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In this age, when satiated with the multiplicity and variety of magazines which appeal to the public-a new one appearing almost every month -it is refreshing to go back in imagination to the period when this species of literature first began to attract attention. I have been asked to write a short prefatory note to a work by the late Mr. G. W. Niven, of Greenock, in which, with much pains and perspicuity, he has enabled us to perform this mental peregrination, traced the origin and development of our journalism, which is now so thoroughly organised and has attained such gigantic proportions, and has given us a most graphic account of one of the quaintest and most curious of the early forms which it assumed.
It is with much pleasure that I accede to this request, for I believe that in bringing out a work on The British Apollo—a series of volumes very popular in their own day, full of entertainment and instruction, first issued in the early years of the eighteenth century and last printed in 1740—and which is now of such extreme rarity that a re-issue of it would be equivalent to a new publication, Mr. Niven has rendered valuable service to the literary and antiquarian world. No one could have been better qualified for the task he had undertaken than he was. He had a special and extensive knowledge of the whole subject. He had penetrated deeply into a department of study that was known to few beyond himself, had read many out-of-the-way books relating to it, and was thus able to throw considerable light upon the authorship of the work in question, which no critic had previously discussed. He had also the grasp of mind and power of generalisation derived from a large acquaintance with literature, science, and archæology—seldom possessed by one individual -which make his editorial comments on the various subjects treated of in The British Apollo luminous and interesting in a high degree. It is a cause of much regret that the work, although it was ready for the press, must appear as a posthumous publication, without the advantage of the editor's matured and final remarks.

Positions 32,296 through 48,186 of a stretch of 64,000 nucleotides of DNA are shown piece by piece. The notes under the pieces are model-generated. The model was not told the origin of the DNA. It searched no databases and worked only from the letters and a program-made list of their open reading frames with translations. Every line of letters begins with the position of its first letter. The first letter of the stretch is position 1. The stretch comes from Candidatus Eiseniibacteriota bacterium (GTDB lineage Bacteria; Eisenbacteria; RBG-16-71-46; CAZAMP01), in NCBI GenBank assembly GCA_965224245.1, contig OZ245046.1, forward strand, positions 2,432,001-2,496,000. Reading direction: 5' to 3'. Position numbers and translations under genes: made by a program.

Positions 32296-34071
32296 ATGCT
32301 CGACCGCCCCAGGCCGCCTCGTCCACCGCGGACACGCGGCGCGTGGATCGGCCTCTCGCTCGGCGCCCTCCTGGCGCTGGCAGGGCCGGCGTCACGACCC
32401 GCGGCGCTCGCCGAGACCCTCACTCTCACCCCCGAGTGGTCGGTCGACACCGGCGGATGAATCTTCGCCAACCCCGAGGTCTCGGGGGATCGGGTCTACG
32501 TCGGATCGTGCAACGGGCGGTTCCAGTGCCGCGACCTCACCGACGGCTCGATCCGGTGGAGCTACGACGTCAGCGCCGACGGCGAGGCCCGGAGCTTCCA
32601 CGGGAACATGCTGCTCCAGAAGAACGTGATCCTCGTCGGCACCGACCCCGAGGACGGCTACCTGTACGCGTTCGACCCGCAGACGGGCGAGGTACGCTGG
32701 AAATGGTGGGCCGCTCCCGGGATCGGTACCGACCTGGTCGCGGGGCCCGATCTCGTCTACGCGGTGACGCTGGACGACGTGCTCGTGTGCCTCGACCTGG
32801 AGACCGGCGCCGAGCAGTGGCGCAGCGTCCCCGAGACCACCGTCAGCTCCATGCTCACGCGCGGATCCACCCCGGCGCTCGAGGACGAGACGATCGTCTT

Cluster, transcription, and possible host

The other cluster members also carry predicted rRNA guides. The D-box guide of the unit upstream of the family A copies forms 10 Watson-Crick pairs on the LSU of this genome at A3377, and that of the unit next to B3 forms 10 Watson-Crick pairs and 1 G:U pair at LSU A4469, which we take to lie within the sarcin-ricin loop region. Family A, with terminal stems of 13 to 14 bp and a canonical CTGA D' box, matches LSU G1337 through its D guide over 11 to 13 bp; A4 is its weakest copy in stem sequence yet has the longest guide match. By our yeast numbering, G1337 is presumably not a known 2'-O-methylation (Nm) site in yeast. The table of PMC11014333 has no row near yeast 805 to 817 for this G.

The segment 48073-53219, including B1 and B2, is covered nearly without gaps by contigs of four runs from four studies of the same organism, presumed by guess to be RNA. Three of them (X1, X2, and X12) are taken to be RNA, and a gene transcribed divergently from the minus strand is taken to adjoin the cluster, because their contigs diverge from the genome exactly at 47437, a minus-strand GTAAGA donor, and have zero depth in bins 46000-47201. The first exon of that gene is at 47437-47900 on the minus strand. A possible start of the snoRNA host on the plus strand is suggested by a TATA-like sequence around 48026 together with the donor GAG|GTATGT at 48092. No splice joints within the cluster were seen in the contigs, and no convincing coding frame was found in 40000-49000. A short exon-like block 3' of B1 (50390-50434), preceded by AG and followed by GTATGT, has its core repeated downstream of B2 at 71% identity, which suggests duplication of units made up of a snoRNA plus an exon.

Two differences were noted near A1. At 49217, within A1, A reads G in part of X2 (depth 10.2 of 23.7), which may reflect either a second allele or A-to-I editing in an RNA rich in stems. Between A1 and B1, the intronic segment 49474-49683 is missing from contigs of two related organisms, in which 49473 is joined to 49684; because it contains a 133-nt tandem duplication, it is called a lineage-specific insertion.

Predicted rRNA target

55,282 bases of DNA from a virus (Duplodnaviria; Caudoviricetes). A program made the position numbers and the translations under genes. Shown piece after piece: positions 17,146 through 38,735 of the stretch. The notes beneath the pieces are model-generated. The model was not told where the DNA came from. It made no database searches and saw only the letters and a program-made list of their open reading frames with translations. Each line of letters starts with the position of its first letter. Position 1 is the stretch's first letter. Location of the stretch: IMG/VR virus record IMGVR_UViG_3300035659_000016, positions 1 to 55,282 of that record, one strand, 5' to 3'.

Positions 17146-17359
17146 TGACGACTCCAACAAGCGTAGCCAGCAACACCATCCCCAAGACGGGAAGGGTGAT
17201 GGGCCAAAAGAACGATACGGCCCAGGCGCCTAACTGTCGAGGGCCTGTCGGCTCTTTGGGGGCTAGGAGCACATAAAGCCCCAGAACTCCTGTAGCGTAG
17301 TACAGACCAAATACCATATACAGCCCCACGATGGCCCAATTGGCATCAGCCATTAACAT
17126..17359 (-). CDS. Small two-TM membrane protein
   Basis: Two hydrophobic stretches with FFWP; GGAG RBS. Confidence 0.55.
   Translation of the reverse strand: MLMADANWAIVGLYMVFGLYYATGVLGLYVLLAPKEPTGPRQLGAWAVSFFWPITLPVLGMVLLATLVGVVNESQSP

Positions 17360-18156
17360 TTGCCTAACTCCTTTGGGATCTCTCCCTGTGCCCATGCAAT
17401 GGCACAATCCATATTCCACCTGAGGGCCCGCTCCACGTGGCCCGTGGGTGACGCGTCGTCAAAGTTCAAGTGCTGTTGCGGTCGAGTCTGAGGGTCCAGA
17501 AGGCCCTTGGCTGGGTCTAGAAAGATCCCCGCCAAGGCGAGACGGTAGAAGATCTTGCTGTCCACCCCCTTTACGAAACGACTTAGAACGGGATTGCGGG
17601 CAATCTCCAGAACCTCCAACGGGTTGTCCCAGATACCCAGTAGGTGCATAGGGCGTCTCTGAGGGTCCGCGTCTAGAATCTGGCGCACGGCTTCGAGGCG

His premature death at a time when his mind was peculiarly active and full of projects for future literary work, is much to be lamented, not only by personal friends who knew and admired his many excellent qualities of mind and heart, but also of a much wider outer circle, who had learned to appreciate highly the results of his special studies in nooks and corners of our literature, which few but himself could explore. The present work will be much prized by them as a favourable specimen of his peculiar gifts, and will be a measure of the great loss which they have sustained by his death.